Dashboards, deep dives and data crunching do not always work as intended, but there are four signs the metrics are living up to their promises.
—By Donna Chan
Successful talent analytics programs can take many forms. There is no “one-size-fits-all” program that will work for every business, so many HR teams are using analytics systems that are custom-built or cobbled together from a variety of tools.
Yet no matter what kind of off-the-shelf or custom system is being used, there are four key signs that a talent analytics program is appropriately serving the needs of the firm.
Numbers Clearly Connect to Key Business Outcomes
It sounds like the most obvious thing in the world, yet many HR professionals have been handed at least one useless analytics report in their careers. The problem is compounded when those same reports make their way over to functional leaders and business partners, whose confusion can set an HR partnership back years. Often, the report is meant well, or needed to comply with a specific regulatory need. Unfortunately, the end result is the same … confusion and a stack of numbers with no clear connection to the business bottom line.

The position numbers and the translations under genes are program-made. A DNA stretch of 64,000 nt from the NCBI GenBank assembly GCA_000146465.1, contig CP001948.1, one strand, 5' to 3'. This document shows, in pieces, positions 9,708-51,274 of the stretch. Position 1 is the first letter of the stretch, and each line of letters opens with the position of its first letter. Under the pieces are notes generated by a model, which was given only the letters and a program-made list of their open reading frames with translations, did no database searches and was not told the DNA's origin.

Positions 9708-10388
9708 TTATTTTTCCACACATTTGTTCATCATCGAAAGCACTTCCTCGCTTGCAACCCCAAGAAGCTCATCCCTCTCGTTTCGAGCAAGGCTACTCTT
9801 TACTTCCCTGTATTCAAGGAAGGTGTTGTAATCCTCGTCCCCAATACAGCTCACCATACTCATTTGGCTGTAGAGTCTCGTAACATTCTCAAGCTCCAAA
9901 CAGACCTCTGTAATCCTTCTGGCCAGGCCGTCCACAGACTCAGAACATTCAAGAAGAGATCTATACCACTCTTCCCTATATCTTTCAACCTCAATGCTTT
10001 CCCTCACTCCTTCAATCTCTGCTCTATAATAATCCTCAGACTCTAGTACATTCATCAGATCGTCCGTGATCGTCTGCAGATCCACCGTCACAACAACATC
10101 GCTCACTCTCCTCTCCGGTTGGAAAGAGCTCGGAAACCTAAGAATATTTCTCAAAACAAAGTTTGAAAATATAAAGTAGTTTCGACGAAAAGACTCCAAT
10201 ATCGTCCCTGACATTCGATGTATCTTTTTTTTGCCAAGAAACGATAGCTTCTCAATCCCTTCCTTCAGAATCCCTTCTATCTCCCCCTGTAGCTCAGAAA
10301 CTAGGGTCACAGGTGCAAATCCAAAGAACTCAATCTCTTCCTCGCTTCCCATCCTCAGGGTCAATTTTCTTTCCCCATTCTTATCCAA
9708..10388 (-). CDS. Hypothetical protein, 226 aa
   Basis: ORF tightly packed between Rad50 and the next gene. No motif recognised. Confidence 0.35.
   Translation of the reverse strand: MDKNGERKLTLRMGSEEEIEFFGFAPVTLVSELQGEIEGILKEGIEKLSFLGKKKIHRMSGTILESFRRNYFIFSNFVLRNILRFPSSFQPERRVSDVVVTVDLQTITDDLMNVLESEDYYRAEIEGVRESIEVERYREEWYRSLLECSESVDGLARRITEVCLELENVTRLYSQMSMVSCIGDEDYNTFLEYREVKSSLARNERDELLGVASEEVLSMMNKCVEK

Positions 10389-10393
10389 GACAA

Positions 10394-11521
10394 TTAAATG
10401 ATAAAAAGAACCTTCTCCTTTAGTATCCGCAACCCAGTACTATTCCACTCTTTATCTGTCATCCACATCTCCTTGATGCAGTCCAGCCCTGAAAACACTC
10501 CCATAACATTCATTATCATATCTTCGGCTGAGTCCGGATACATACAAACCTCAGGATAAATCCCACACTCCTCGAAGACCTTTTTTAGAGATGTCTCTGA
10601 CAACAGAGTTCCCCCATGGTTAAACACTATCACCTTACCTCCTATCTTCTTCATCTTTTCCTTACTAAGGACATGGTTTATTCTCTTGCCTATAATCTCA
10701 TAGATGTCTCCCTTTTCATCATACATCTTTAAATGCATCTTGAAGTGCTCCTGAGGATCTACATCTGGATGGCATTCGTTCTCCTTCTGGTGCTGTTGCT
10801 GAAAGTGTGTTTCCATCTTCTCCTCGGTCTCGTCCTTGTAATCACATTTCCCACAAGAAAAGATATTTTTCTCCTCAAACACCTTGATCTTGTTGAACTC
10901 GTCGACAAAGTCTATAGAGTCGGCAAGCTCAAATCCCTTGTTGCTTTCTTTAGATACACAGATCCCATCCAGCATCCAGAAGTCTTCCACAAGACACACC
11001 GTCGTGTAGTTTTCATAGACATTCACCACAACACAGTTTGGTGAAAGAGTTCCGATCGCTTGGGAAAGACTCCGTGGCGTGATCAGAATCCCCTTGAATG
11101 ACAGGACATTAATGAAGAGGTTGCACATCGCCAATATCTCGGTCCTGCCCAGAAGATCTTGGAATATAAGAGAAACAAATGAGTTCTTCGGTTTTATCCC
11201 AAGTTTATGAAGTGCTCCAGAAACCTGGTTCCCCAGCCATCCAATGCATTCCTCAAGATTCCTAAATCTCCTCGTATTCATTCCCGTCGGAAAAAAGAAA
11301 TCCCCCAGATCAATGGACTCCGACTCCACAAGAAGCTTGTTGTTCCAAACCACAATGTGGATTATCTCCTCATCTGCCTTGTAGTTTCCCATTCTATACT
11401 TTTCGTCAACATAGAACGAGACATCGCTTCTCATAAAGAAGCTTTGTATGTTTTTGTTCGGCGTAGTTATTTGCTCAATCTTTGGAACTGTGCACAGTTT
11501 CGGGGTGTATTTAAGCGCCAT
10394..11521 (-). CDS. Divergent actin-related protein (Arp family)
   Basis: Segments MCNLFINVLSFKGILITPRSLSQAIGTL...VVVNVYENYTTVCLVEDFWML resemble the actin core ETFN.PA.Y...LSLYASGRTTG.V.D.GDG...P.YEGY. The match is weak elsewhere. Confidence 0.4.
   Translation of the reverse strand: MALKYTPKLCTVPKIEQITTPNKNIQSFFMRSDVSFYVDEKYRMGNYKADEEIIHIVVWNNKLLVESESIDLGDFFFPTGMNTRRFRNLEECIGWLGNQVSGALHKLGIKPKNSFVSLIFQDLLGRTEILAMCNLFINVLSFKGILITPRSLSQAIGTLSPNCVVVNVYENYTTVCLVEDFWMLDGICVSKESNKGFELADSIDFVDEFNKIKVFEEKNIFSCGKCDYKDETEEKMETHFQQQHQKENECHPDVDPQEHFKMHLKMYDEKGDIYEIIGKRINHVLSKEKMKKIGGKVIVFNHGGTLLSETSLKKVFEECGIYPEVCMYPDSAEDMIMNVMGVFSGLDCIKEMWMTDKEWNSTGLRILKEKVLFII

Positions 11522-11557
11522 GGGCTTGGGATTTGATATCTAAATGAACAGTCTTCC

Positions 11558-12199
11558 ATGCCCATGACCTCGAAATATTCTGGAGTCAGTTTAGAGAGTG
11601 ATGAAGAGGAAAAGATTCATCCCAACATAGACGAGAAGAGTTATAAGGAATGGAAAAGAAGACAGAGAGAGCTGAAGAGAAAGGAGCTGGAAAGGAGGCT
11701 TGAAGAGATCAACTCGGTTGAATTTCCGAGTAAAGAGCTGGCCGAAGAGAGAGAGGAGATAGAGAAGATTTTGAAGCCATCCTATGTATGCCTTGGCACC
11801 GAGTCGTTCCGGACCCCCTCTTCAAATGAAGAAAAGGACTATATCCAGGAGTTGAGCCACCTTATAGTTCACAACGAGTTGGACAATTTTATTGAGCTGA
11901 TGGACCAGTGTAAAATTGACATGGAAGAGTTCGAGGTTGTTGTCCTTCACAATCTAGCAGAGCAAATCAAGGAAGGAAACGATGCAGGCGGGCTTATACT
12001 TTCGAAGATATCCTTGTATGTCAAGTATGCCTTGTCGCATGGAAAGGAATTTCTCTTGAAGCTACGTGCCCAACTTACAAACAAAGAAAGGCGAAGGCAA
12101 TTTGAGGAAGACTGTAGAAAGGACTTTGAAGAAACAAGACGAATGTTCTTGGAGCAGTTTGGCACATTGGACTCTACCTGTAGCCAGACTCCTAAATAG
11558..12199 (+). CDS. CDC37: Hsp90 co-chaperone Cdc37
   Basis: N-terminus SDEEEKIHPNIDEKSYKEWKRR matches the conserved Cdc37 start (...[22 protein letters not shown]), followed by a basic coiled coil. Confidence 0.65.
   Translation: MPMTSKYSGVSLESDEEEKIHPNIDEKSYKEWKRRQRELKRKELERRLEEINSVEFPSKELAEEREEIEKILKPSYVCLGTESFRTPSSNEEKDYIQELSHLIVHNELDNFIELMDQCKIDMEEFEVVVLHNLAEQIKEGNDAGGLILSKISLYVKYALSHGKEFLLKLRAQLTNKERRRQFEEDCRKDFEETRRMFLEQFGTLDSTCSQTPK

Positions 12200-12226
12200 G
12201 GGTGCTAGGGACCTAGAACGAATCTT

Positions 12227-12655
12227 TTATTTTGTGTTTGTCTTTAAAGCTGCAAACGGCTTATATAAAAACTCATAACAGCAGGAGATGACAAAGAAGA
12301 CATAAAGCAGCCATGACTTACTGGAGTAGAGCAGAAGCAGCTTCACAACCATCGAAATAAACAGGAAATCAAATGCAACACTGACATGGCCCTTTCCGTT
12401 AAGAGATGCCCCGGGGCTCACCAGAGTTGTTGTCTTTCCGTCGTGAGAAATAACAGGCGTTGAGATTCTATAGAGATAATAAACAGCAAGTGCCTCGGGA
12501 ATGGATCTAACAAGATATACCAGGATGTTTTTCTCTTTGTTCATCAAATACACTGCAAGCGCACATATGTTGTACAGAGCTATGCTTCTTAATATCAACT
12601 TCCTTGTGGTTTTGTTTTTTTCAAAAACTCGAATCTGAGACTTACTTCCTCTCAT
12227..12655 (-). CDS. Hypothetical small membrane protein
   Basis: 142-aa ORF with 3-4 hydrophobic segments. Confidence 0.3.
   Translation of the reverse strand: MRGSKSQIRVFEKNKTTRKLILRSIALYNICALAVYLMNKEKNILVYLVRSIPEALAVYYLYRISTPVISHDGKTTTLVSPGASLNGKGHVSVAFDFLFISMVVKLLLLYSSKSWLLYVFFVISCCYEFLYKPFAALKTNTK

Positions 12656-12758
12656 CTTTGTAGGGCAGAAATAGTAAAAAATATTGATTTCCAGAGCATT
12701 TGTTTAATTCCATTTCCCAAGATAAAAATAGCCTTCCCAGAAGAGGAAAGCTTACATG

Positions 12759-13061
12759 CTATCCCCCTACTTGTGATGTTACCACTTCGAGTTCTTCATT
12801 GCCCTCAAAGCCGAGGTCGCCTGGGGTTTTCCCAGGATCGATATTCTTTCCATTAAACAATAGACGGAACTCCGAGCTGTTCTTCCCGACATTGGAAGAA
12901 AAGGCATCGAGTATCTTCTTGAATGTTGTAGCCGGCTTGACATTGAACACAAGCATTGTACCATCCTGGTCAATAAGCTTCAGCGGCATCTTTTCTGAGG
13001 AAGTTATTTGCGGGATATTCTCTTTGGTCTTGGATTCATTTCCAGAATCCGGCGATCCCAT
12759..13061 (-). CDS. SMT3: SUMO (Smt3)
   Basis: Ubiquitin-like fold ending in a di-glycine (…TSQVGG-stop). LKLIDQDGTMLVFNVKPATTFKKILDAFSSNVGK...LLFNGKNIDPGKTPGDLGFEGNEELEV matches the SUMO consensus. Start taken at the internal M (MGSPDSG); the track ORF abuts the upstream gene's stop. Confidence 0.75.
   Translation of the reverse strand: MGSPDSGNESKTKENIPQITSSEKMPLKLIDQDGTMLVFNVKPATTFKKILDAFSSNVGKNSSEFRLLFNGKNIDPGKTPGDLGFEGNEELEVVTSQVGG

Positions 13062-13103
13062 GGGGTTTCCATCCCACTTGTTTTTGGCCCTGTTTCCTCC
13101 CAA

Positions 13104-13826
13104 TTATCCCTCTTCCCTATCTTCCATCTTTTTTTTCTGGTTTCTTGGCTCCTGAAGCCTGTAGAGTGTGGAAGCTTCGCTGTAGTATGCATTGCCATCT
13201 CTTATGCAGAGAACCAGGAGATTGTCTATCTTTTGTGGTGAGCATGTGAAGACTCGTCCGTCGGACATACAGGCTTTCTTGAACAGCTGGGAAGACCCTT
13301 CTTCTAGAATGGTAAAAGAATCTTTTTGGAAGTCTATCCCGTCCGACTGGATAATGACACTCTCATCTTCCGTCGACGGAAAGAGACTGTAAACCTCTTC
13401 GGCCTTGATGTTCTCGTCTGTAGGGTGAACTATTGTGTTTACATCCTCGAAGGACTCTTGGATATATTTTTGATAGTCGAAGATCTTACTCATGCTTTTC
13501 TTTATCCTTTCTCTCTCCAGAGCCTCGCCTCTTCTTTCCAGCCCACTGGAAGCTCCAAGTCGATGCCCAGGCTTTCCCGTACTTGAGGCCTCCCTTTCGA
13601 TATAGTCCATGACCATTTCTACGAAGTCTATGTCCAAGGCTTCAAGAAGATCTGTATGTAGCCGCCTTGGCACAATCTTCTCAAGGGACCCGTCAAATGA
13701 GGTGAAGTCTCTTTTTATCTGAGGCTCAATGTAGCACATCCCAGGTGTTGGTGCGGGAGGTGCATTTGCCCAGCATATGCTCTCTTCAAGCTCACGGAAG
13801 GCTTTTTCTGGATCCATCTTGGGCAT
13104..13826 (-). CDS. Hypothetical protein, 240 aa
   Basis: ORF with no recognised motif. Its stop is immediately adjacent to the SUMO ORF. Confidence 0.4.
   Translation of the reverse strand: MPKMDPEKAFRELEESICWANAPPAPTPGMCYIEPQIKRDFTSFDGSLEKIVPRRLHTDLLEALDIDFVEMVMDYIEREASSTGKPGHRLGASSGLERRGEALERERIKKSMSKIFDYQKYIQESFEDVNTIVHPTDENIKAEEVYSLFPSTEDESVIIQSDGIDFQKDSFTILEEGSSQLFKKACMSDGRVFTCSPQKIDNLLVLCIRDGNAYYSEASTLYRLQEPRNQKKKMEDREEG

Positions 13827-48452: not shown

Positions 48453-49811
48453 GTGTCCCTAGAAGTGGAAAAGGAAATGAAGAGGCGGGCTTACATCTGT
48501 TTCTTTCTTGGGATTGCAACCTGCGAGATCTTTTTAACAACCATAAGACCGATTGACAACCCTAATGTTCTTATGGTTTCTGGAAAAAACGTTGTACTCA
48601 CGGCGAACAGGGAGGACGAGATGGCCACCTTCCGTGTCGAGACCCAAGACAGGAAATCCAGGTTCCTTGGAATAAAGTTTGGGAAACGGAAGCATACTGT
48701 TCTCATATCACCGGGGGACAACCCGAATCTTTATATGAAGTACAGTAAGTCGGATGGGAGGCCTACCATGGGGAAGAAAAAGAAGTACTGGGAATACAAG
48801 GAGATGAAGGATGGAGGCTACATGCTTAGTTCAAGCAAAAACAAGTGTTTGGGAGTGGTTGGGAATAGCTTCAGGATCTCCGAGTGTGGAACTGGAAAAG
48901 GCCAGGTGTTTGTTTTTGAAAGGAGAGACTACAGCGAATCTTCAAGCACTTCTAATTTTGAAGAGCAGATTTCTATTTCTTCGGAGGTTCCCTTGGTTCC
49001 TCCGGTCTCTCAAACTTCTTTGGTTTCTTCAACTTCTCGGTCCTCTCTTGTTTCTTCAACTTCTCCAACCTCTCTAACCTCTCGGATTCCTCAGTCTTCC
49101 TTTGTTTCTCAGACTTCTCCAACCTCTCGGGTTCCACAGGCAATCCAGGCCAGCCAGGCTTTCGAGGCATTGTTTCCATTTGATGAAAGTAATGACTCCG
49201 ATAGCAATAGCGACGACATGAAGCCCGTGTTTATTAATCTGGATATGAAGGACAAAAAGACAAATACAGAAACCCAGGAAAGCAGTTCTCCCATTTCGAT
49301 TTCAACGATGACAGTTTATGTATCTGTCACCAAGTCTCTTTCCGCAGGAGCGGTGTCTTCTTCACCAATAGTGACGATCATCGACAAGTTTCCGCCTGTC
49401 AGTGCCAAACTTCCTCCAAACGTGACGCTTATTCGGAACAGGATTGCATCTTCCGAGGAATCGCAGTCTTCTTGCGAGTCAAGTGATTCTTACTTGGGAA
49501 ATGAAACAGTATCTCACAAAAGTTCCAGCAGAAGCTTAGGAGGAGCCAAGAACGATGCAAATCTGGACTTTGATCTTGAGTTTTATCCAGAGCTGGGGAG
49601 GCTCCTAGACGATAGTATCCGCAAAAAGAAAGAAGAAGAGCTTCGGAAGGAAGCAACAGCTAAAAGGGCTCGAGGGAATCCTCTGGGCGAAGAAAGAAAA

According to the Harvard Business Review, effective and functional human capital analytics programs should build a clear cause-and-effect story for both HR teams and business partners. They cite Best Buy as an example, where a 0.01 percent movement in employee engagement has been shown to correlate with a $100,000 swing in margins per store. For that HR team, getting business buy-in for engagement initiatives is a no-brainer, and telling the story of how HR connects back to desired business outcomes is easy.
Best Buy is a straightforward case, but it is hardly the only example. At Google, analytics pinpoint the 5 percent of the organization most in need of coaching. It is an unusual metric, but given the high cost of hiring, it is a data point the company needs to keep turnover rates down.
The best analytics programs will deliver the same kind of clear connections between HR performance and the business bottom line, no matter what basket of numbers is being measured.
It Offers Accurate Rorecasts
A second sign of a successful talents analytics program is the ability of the program to offer accurate forecasts. According to a Bersin by Deloitte study, only 15 percent of organizations give themselves high marks for HR data accuracy. Yikes!
Analytics programs that can deliver reliable, trustworthy insights around retention, satisfaction, training costs, and recruitment spending are true assets for an organization.
While companies have access to more data than ever before in terms of the breadth of information at their fingertips, many analytics programs suffer poor data quality that renders their predictions useless. High-performance analytics groups are militant about core data quality, doing their own research, and double-checking automated reporting. After all, errors in data entry, duplications, reports that do not pull correctly, and more can combine to sabotage even the most well-intended predictions.